A fearless artist faces his biggest foe
Maciej Toporowicz remembers lonely times growing up in Poland, when he was excluded from sports and other school activities. “It had a psychological impact on me because I was feeling that maybe I was not good enough.”
It was because of his damaged heart — the result of rheumatic fever.
As Maciej grew, so did his confidence in his athletic ability and his creativity. He took up skiing and surfing, while his politically charged art criticized the Polish regime. Eventually Maciej left his homeland behind, but would continue to face heart problems.
In his late 20s, an infection led to inflammation in Maciej’s heart. He needed open heart surgery to repair damaged valves.
His second open heart surgery came in his 50s. This time, a valve had to be replaced.
Maciej knows these operations saved his life. But the experience was traumatic. “After the surgery, for weeks you are in really bad shape. Even walking up the stairs is difficult.”
Meanwhile researchers including Dr. Anita Asgar and Dr. Marie-Annick Clavel are working on improving treatments for damaged heart valves, thanks to support from Heart & Stroke donors.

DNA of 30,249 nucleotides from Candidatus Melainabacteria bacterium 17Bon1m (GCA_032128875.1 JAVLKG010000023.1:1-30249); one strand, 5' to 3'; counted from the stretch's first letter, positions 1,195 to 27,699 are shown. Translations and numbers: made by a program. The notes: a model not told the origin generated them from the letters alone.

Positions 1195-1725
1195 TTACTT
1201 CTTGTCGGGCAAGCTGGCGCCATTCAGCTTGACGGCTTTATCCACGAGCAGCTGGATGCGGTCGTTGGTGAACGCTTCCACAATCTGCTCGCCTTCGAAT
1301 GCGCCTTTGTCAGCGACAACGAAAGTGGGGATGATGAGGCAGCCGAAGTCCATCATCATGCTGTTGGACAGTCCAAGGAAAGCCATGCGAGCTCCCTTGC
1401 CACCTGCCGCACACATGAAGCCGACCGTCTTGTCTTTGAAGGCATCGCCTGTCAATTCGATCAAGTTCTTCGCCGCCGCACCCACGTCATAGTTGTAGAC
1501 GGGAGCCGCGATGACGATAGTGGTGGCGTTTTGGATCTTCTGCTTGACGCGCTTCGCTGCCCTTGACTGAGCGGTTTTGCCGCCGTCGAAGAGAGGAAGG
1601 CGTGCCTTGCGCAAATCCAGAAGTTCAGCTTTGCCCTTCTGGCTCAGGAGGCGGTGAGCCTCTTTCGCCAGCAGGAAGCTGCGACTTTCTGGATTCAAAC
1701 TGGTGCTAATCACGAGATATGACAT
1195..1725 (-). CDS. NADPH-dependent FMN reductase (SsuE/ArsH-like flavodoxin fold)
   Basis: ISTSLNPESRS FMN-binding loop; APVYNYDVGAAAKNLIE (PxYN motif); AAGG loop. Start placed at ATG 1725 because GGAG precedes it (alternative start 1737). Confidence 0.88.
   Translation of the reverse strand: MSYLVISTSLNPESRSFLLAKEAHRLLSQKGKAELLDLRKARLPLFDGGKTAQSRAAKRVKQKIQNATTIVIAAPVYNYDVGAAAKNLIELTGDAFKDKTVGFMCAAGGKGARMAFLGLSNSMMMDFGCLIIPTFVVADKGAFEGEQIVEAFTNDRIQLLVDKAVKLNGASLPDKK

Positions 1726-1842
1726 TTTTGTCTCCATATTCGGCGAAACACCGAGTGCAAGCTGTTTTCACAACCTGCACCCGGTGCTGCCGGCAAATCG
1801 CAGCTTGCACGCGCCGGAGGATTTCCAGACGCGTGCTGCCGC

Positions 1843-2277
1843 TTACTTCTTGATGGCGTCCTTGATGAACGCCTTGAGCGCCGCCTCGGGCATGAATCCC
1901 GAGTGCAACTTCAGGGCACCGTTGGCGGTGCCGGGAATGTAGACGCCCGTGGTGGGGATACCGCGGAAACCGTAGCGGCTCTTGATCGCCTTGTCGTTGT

Facing the future
Today, at 62, Maciej feels strong. He takes care of himself and exercises every day. And he continues to make political art, much of it using self-portraits (see his work on Instagram @noqontrollo). “Basically I am an optimist. I still have some symptoms like arrythmia. I am on different drugs, including a blood thinner. But it’s all manageable.”
Maciej’s heart valve replacement may wear out one day. He dreads the thought of more surgery, but he refuses to dwell on it.
Maciej is hopeful that research will continue to improve valve surgery and reduce recovery time. He’s counting on it to beat heart disease.